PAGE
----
Dutch hit by first snowstorm in a decade as Europe shivers

The Netherlands and parts of Germany were blanketed on Sunday by a snowstorm that disrupted planes and trains and put some coronavirus testing on hold.

Younger people slide down a snowy hill at Griftpark in Utrecht on February 7, 2021. – The Netherlands is blanketed by the first major snowstorm to hit the country in 10 years as a wave of freezing weather in northern Europe disrupts planes, trains and road traffic. Robin Van Lonkhuijsen / ANP / AFP

Britain was also bracing for heavy snow from what Dutch meteorologists have called Storm Darcy, which is packing winds of up to 90 kilometres (55 miles) an hour.

People rushed outdoors to enjoy sledging and playing in the snow in Dutch and German cities despite the bitterly cold conditions with temperatures as low as minus 5 degrees Celsius (23 Fahrenheit).

But Dutch authorities declared a rare “code red” emergency for the entire country as it was hit by its first proper snowstorm in more than a decade.

Weather forecasting website Weer.nl said that overnight a force eight wind was measured in combination with snowfall, adding: “This officially means a snowstorm in our country.

“It is the first snowstorm in a long time: the last snowstorm took place in January 2010,” it said.

Dozens of flights were delayed or cancelled at Amsterdam’s Schiphol airport while Eindhoven airport in the southern Netherlands scrapped all services.

All trains were cancelled in the Netherlands, including international services to Germany. Trams were halted in the capital Amsterdam, while a tram derailed in the snow in The Hague, an AFP reporter saw.

Motorists were advised to avoid travelling and more than 80 cars were reported to have skidded off the road.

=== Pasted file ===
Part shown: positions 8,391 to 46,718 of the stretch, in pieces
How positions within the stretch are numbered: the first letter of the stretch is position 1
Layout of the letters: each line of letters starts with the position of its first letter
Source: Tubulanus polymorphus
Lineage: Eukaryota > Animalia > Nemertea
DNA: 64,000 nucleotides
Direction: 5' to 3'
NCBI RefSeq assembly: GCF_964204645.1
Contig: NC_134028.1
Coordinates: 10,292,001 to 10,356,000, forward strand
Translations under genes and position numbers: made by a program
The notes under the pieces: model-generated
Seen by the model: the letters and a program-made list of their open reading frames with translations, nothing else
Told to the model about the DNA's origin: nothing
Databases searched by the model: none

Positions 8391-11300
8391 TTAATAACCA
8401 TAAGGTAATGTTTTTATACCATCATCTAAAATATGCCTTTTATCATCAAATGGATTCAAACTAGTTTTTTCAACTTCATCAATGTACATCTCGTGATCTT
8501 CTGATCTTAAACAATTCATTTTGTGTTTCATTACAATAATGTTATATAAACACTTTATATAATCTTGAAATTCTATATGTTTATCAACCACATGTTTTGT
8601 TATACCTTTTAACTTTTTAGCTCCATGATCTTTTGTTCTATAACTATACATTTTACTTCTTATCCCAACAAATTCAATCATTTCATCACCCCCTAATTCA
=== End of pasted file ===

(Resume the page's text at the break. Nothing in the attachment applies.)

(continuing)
Most parts of the country had between five and 10 centimetres (two and four inches) of snow but some areas received 30 centimetres, public broadcaster NOS said.

The conditions are so severe that the Dutch government has closed all coronavirus testing centres for several days.

‘Beast from the East’

Up to 10 days of sub-zero daytime temperatures are expected in the Netherlands, raising hopes in the skating-obsessed country that canals will freeze over.

Prime Minister Mark Rutte has said ice skating will be allowed if the canals freeze for the first time since 2018, but warned Dutch people to observe social distancing and to try not to fall over and end up in already overstretched hospitals.

Hopes that a 200-kilometre (125-mile) ice-skating marathon through 11 cities called the Elfstedentocht could be held for the first time since 1997 are however on ice because of coronavirus restrictions.

All four football matches in the Dutch top-flight Eredivisie on Sunday were cancelled, as was a German Bundesliga game.

In Germany, snowfall caused major disruption to trains and cancellations of services between cities including Hamburg and Hanover.

Thick snow of up to 30 centimetres meanwhile disrupted road traffic, with hundreds of accidents and part of a motorway in North-Westphalia closed by police after it turned into a virtual ice rink.

Several vehicles were trapped beneath piles of snow and their owners had to dig them out with shovels, according to pictures on the Bild website.

Heavier snow of up to 40 centimetres was expected in parts of northern Germany overnight, meteorological service DWD said.

Belgium, which also neighbours the Netherlands, received a light dusting of snow but was expecting a big temperature drop as the week progresses.

In Britain, the authorities issued an amber weather warning in southeast England for what local media dubbed the “Beast from the East II”.

The first “beast” in 2018 caused 10 days of snow in Britain.

The current warning is for roads becoming blocked by deep snow and disruptions to bus, rail and air travel.

The UK was “starting to see the whites of the eyes” of the storm, according to BBC weather.

Coronavirus testing sites in two counties in eastern England were also forced to close by the weather, the BBC reported.

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